Reduction of FIF income for distributed profits
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The amount of FIF income for a notional accounting period of the FIF or foreign life assurance policy (FLP) that you are to include in your assessable income for an income year is reduced by amounts of income that a FIF or FLP distributes to you during that notional accounting period - for example, an interim dividend.
You reduce the FIF income to be included in your assessable income by the amount that was distributed to you by the FIF or the FLP to the extent it was:
- included in your assessable income as a general item of income such as interest or a dividend
- included in your assessable income in the income year immediately preceding the year in which the FIF or FLP income is assessed
- an exempt non-portfolio dividend paid to an Australian resident company [section 23AJ], or
- notional exempt income of a controlled foreign company (CFC) under paragraphs 402(2)(c), 403(b) or section 404. [sections 530 and 603]
The Foreign income return form guide has more information about exempt income of a CFC.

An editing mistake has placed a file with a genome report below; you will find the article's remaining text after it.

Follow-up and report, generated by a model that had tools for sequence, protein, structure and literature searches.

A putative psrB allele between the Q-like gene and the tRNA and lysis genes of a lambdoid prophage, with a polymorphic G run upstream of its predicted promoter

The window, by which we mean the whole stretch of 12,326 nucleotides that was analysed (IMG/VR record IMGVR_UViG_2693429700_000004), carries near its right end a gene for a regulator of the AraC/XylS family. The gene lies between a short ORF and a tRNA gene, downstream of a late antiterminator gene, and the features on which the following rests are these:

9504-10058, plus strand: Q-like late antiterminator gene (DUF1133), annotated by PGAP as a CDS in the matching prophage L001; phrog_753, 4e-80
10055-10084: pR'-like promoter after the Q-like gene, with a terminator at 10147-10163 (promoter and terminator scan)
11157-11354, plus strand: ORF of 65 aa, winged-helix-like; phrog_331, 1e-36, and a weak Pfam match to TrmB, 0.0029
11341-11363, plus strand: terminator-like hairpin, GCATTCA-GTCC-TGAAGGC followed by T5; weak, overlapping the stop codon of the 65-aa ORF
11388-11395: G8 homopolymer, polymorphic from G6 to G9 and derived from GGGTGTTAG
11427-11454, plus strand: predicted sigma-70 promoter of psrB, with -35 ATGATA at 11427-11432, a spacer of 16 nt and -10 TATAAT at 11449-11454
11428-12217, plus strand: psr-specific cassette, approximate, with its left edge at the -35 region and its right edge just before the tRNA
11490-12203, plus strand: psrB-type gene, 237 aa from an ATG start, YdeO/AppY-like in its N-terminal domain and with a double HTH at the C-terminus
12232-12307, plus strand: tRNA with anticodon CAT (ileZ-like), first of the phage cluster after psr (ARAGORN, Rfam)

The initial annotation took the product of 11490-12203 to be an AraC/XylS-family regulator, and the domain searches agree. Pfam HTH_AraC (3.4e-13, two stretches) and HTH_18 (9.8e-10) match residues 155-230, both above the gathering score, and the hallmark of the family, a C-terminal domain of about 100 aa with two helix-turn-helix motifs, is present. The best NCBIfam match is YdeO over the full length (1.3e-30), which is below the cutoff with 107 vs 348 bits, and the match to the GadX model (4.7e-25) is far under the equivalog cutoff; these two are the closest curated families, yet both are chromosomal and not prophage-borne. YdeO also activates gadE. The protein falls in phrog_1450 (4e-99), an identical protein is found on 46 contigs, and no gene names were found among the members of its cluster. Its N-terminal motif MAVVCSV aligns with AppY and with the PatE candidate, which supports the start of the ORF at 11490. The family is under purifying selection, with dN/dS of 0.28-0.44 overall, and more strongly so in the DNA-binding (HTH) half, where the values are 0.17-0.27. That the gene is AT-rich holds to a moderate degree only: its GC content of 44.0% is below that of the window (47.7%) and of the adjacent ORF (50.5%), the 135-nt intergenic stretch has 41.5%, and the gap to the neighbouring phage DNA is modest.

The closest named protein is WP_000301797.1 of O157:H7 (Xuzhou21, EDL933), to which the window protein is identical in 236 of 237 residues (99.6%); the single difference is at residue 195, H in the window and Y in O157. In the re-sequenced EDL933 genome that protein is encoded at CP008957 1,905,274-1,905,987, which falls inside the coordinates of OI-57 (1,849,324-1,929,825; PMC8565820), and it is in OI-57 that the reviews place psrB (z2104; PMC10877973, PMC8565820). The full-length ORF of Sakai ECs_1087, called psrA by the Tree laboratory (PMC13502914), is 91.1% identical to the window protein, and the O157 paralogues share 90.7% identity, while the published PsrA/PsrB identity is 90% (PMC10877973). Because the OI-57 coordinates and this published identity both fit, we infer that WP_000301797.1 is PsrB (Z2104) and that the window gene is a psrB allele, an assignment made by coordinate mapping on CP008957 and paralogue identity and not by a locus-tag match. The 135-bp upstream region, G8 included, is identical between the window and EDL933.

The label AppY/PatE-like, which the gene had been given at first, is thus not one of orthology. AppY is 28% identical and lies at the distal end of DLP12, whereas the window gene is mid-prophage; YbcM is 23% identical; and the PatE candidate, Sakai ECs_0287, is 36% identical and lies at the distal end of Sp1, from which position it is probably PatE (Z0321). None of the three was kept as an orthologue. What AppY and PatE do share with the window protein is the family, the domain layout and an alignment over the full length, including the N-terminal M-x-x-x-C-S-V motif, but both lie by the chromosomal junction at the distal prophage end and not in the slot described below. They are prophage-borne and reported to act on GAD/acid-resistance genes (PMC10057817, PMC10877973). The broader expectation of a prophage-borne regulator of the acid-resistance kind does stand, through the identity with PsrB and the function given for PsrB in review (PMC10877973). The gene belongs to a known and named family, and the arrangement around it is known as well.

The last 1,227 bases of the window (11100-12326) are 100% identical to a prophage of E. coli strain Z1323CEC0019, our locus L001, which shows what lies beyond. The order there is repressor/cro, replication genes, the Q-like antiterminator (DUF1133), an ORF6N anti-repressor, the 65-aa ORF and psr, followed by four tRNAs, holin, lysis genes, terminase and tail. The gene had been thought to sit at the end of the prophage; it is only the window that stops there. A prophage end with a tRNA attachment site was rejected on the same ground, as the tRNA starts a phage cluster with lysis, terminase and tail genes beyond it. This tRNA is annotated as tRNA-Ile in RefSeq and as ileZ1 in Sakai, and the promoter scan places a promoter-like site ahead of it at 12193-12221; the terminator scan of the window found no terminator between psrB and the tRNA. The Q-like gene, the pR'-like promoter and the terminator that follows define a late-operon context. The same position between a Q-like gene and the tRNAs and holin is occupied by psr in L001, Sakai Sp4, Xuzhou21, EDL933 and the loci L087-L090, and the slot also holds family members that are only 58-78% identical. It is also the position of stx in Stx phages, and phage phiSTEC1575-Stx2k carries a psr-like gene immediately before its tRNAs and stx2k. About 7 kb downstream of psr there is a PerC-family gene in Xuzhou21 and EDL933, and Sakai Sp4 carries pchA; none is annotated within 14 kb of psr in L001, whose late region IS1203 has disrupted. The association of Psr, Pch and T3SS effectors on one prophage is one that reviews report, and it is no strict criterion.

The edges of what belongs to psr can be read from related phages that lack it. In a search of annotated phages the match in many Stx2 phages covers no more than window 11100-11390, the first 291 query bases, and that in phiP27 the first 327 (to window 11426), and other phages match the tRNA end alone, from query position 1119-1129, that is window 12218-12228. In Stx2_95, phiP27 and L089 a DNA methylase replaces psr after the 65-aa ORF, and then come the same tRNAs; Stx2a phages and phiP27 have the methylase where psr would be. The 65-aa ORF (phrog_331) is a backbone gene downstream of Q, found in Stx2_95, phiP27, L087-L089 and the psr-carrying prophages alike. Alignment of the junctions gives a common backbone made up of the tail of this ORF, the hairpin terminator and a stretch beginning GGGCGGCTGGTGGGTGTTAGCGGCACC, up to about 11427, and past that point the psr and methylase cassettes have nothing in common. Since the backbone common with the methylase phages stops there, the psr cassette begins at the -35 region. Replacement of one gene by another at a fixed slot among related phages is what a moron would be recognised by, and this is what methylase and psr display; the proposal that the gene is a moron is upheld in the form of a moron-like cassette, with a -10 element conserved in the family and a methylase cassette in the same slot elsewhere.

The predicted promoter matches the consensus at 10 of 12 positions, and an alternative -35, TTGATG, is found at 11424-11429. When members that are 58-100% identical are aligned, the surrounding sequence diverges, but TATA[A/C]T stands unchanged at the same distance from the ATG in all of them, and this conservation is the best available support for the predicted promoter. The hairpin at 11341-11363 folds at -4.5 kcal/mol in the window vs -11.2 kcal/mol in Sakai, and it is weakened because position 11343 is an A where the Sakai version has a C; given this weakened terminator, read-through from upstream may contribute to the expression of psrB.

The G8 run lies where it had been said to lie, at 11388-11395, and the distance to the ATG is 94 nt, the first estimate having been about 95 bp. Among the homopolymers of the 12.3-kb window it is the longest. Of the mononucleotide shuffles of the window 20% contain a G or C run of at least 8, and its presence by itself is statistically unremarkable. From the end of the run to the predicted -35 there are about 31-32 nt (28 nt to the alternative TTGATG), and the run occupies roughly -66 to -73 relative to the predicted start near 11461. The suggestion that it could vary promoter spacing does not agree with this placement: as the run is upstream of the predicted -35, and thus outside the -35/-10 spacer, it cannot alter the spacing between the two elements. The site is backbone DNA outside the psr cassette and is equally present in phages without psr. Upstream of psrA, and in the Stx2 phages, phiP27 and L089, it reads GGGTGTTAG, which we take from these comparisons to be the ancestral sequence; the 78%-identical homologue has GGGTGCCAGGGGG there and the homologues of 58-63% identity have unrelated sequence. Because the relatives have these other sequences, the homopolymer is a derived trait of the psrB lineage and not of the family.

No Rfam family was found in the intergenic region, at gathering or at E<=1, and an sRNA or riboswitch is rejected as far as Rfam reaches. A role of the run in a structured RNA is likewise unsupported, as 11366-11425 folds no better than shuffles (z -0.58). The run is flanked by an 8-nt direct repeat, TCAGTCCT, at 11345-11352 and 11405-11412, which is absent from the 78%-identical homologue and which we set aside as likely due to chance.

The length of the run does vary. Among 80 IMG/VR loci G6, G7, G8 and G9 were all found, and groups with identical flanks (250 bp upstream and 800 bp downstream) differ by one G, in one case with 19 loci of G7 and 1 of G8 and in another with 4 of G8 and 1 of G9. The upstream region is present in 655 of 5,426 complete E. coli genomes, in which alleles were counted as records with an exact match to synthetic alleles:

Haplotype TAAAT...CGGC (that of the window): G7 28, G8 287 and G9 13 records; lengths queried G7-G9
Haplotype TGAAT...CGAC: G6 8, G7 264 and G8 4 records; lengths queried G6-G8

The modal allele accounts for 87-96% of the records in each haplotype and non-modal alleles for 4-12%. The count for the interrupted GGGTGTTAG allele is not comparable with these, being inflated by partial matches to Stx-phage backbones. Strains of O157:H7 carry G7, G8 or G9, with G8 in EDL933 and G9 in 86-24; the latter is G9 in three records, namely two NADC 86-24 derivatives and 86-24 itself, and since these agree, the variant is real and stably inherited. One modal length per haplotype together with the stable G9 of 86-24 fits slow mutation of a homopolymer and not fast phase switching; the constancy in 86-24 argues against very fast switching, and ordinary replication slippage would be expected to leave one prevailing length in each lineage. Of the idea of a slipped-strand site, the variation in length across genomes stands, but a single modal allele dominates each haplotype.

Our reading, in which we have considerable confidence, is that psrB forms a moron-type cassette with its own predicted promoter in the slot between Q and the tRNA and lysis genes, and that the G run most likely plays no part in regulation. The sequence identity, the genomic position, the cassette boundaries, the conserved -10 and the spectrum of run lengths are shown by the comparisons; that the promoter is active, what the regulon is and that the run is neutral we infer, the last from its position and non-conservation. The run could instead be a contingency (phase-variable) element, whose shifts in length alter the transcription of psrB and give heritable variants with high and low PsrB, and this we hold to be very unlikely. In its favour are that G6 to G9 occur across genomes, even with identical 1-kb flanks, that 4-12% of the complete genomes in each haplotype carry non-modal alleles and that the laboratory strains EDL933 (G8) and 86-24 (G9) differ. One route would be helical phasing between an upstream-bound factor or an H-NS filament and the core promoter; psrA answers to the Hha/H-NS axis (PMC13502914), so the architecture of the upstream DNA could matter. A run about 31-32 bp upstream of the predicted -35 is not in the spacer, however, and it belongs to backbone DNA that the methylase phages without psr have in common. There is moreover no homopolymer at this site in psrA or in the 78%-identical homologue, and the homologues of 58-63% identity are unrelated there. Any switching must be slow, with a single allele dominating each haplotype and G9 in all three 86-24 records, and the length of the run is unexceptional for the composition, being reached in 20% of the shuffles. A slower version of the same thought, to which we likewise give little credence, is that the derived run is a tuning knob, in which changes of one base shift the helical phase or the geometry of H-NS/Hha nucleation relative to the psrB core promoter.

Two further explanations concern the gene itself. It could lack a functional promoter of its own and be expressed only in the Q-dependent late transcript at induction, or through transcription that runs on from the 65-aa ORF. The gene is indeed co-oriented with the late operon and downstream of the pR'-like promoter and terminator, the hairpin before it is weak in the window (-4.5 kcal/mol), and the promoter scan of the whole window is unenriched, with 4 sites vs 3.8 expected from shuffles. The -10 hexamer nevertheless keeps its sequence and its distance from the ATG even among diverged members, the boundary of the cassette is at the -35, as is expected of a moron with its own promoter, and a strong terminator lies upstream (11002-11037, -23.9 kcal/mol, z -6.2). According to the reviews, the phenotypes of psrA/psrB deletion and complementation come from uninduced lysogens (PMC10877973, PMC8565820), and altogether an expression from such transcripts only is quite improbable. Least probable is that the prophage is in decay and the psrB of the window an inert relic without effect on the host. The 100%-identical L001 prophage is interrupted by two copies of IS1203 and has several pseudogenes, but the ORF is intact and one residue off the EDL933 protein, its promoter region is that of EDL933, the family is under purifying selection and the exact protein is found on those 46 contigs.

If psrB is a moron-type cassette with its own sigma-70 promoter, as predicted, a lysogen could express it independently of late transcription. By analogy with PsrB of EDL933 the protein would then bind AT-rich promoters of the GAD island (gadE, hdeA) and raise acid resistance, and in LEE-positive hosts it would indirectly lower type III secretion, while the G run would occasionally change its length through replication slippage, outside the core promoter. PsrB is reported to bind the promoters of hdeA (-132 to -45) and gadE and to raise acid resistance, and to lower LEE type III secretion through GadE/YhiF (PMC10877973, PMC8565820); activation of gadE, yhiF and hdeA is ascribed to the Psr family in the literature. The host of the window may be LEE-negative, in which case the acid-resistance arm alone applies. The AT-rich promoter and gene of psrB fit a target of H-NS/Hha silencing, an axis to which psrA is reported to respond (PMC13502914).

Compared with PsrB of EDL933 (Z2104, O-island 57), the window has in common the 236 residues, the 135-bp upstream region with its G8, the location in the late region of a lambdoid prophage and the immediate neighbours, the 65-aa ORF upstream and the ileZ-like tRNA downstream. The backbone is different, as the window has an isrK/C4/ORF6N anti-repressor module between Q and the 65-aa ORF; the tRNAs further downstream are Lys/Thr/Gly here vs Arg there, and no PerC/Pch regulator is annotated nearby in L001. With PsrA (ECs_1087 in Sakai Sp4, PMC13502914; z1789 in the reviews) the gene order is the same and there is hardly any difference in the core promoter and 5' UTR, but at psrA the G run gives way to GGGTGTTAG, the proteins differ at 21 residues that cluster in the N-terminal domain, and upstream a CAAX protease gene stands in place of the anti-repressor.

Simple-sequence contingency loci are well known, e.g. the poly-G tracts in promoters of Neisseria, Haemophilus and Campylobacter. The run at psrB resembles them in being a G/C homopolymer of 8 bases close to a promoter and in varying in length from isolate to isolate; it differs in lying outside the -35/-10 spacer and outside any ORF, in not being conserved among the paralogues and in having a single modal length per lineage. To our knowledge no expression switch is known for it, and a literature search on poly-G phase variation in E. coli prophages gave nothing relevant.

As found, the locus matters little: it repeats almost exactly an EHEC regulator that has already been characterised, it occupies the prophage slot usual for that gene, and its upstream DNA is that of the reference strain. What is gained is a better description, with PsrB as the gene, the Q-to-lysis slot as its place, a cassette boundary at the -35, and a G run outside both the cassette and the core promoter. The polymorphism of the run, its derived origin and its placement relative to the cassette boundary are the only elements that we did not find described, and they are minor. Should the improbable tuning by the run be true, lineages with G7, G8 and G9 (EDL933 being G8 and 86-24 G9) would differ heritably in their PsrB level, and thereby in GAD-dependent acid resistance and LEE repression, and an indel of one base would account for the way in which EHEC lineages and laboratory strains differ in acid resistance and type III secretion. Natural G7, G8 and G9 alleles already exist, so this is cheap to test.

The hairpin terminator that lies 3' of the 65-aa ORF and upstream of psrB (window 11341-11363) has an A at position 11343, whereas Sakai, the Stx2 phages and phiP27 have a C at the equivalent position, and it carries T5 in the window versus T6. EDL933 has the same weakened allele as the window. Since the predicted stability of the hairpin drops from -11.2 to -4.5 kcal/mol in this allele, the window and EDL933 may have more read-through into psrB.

The amount of the reduction of FIF income that is available cannot be more than the amount you would otherwise have included in your assessable income for the current income year for that particular FIF or FLP. [section 529 AND subsection 530(1)]
Example: Market value method
Fiona had an interest in a FIF at the end of her income year (30 June) and her interest was not exempt from the FIF measures. She used the market value method to decide the amount to include in her assessable income under the FIF measures for the notional accounting period 1 July to 30 June. The FIF income worked out under that method was $A20,000.
On 25 June, the FIF paid her an assessable dividend of $A10,000.
Normally, Fiona's FIF income would be $A20,000. However, because of subsection 530(1), her FIF income is reduced by the amount of the assessable dividend - that is, from $A20,000 to $A10,000.
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Last modified: 27 May 2005QC 17512
Example: Cash surrender value method
At the end of his income year, Ken held an FLP that was subject to the FIF measures.
He elected to use the cash surrender value method to decide the amount to include in his assessable income under the measures.
He also elected to use a notional accounting period of 1 January to 31 December, as this was when the cash surrender value was available. The FIF income worked out under this method for the notional accounting period 1 January 2004 to 31 December 2004 was $A15,000.
The entity which issued the FLP made a payment of $A5,000 on 10 January 2004. Ken included this payment in his assessable income in 2003-04.
Normally, his FIF income for 2004-05 would be $A15,000. However, because of subsection 530(1), he can reduce his FIF income by the payment made and assessed in the previous income year that related to his 2003-04 FIF income. Therefore, Ken's FIF income for 2004-05 will be reduced from $A15,000 to $A10,000 because the $A5,000 was assessed in 2003-04.
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